Lymph nodes & spleen, nonlymphoid
Lymph nodes-nonlymphoid neoplasms
Histiocytic sarcoma


Minor changes: 16 June 2020

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PubMed Search: Histiocytic sarcoma[TI] lymph node

Zenggang Pan, M.D., Ph.D.
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Cite this page: Pan Z. Histiocytic sarcoma. PathologyOutlines.com website. http://www.pathologyoutlines.com/topic/lymphnodeshistiocyticsarcoma.html. Accessed August 10th, 2020.
Definition / general
  • Malignant proliferation of cells with morphologic and immunophenotypic features of mature histiocytes, excluding dendritic cell neoplasms, Langerhans cell neoplasms and myeloid sarcomas with monocytic differentiation
  • Mostly in extranodal locations, including skin, soft tissue, lung and central nervous system
    • A small subset (~17%) in lymph nodes
  • Diagnosis requires histopathologic evidence of neoplasm and confirmation of cell origin by special studies
Essential features
  • Malignant neoplasm of mature histiocytes
  • May show highly pleomorphic or spindle cytology, mimicking pleomorphic or spindle cell sarcoma
  • Can be dedifferentiated from B cell lymphomas, myeloid neoplasms and rarely T cell lymphomas
  • Positive BRAF V600E mutation and clonal IGH or TRG rearrangements in a subset of cases
Terminology
  • Histiocytic medullary reticulosis, malignant histiocytosis, true histiocytic lymphoma, true histiocytic sarcoma
ICD coding
  • ICD-O: 9755/3 - Histiocytic sarcoma
  • ICD-10: C96.A - Histiocytic sarcoma
Epidemiology
  • < 1% of all hematolymphoid neoplasms (Leuk Lymphoma 2019;60:553)
  • Incidence: 0.17 cases per 1,000,000 individuals¬†
  • Usually adults, median age ~61 years
  • Slight male predilection, M:F = 5:3
Sites
  • Mainly extranodal locations, including skin, soft tissue, lung and central nervous system (Leuk Lymphoma 2019;60:553)
  • ~17% of cases in lymph nodes
Etiology
  • No specific etiologic agents discovered
  • ~25% of cases transdifferentiated from B cell lymphomas, including small lymphocytic lymphoma / chronic lymphocytic leukemia, follicular lymphoma, mantle cell lymphoma, extranodal marginal zone lymphoma and diffuse large B cell lymphoma (Hum Pathol 2016;55:39, Eur J Haematol 2016;97:9)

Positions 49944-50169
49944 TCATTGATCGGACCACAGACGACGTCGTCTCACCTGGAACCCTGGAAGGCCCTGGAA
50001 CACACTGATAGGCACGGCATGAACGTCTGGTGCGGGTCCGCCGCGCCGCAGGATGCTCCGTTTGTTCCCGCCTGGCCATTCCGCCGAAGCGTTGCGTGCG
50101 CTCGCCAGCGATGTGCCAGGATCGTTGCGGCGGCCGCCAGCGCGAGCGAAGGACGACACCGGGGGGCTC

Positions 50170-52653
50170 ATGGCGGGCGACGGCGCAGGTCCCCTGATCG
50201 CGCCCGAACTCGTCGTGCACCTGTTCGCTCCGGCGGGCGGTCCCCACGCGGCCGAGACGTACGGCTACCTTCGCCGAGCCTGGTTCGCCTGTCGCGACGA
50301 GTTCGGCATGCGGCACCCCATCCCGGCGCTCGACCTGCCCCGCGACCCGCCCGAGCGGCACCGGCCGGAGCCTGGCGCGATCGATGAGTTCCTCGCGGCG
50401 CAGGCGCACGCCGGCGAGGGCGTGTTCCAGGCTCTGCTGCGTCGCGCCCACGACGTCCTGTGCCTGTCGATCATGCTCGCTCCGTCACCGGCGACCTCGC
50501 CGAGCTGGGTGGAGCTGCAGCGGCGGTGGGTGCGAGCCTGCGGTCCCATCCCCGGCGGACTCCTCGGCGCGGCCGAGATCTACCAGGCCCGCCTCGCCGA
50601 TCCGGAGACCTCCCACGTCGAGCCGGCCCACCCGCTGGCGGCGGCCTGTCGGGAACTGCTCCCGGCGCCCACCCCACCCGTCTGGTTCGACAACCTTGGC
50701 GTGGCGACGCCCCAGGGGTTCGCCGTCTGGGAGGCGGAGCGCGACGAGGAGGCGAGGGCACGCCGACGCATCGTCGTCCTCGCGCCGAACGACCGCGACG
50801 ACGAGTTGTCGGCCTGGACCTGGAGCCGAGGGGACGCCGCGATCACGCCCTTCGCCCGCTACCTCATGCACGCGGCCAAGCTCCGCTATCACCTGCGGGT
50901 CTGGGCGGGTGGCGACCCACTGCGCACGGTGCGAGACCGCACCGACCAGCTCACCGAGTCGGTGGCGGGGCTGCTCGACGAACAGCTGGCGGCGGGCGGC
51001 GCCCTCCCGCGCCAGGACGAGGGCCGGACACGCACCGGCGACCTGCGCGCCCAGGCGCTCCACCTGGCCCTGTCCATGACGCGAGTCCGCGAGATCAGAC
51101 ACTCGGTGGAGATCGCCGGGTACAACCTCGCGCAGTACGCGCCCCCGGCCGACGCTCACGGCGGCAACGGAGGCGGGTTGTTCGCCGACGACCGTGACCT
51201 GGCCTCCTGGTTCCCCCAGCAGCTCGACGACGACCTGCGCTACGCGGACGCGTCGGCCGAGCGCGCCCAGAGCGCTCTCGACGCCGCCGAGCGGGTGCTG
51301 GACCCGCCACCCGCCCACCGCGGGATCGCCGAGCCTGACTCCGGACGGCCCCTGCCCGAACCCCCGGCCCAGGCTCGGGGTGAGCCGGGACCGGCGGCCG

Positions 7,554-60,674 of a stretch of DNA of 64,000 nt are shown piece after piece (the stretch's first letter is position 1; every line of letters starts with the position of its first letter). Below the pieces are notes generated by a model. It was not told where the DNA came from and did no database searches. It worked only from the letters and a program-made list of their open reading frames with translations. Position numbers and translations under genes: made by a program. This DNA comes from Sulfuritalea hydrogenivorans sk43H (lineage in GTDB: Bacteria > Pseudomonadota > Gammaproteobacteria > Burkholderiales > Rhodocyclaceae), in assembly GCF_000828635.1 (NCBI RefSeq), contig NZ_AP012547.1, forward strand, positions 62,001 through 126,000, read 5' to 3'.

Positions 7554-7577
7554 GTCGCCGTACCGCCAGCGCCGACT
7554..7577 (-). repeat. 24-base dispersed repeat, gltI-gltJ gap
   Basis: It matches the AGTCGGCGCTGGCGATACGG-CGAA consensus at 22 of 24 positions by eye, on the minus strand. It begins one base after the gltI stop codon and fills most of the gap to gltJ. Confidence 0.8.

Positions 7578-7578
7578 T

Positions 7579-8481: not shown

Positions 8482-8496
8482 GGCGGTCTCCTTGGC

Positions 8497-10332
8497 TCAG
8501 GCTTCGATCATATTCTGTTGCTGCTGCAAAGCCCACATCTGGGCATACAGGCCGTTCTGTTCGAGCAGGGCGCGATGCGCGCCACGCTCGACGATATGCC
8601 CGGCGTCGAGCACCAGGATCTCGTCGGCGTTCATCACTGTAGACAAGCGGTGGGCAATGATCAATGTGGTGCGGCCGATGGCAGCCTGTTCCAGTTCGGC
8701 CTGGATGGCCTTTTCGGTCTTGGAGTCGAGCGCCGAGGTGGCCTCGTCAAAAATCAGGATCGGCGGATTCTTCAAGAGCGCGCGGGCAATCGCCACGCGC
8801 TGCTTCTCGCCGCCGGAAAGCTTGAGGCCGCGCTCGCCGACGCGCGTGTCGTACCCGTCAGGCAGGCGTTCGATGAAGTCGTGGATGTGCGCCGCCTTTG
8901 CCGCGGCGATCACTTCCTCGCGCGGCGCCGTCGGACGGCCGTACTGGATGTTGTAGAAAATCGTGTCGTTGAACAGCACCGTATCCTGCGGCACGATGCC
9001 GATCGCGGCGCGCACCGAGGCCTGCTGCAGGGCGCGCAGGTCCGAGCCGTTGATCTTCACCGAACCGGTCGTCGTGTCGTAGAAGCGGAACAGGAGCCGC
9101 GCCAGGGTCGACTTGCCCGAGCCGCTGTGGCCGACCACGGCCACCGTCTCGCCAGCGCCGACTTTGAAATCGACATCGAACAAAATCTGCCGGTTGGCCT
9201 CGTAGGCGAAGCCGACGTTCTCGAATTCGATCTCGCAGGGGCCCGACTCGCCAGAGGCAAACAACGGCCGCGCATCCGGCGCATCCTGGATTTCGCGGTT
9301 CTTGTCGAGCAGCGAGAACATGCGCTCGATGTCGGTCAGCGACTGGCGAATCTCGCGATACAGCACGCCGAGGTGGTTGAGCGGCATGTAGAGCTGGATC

• Rare cases associated with B cell or T cell lymphoblastic lymphoma / acute lymphoblastic leukemia, myeloid neoplasms and mediastinal nonseminomatous germ cell tumors (Lancet Oncol 2004;5:248, Medicine (Baltimore) 2016;95:e2515)
Clinical features
  • Mostly advanced diseases with B symptoms (fever, fatigue and weight loss)
  • Physical examinations: lymphadenopathy, hepatosplenomegaly and skin lesions
  • Lytic bone lesions and rare central nervous system involvement
  • Median overall survival, 6 months (Leuk Lymphoma 2019;60:553)
Diagnosis
  • Presence of mature histiocytic cytology with variable degree of pleomorphism
  • Positive for histiocytic markers, particularly CD68, CD163 and lysozyme
  • Exclusion of myeloid sarcoma with monocytic differentiation, Langerhans cell neoplasm and other mimicries
Prognostic factors
  • Surgery alone or in combination with radiotherapy was associated with a prolonged overall survival in patients with skin and connective tissue disease (Leuk Lymphoma 2019;60:553)
  • Surgical treatment showed some statistically insignificant improvement in overall survival in patients with gastrointestinal and lung disease
  • Patients with hematopoietic and reticuloendothelial system involvement had a poor prognosis even with systemic chemotherapy
Case reports
Treatment
  • Localized unifocal disease: surgical resection if possible, followed by adjuvant radiotherapy and chemotherapy
  • Disseminated disease: more intense chemotherapy regimens, including ifosfamide, carboplatin and etoposide; CHOP-like (cyclophosphamide, doxorubicin, vincristine and prednisone) chemotherapy; autologous hematopoietic stem cell transplantation (Clin Lymphoma Myeloma Leuk 2019;19:522)
  • Central nervous system cases: surgery, chemotherapy and focal radiation (Radiat Oncol 2018;13:167, Leuk Lymphoma 2016;57:1961)
  • Cases with activated RAS / MEK / ERK pathway: MEK inhibitor, trametinib (Int J Hematol 2019;109:228)
Microscopic (histologic) description
  • Diffuse infiltration in the soft tissue or characteristic sinusoidal infiltration in the lymph nodes, liver and spleen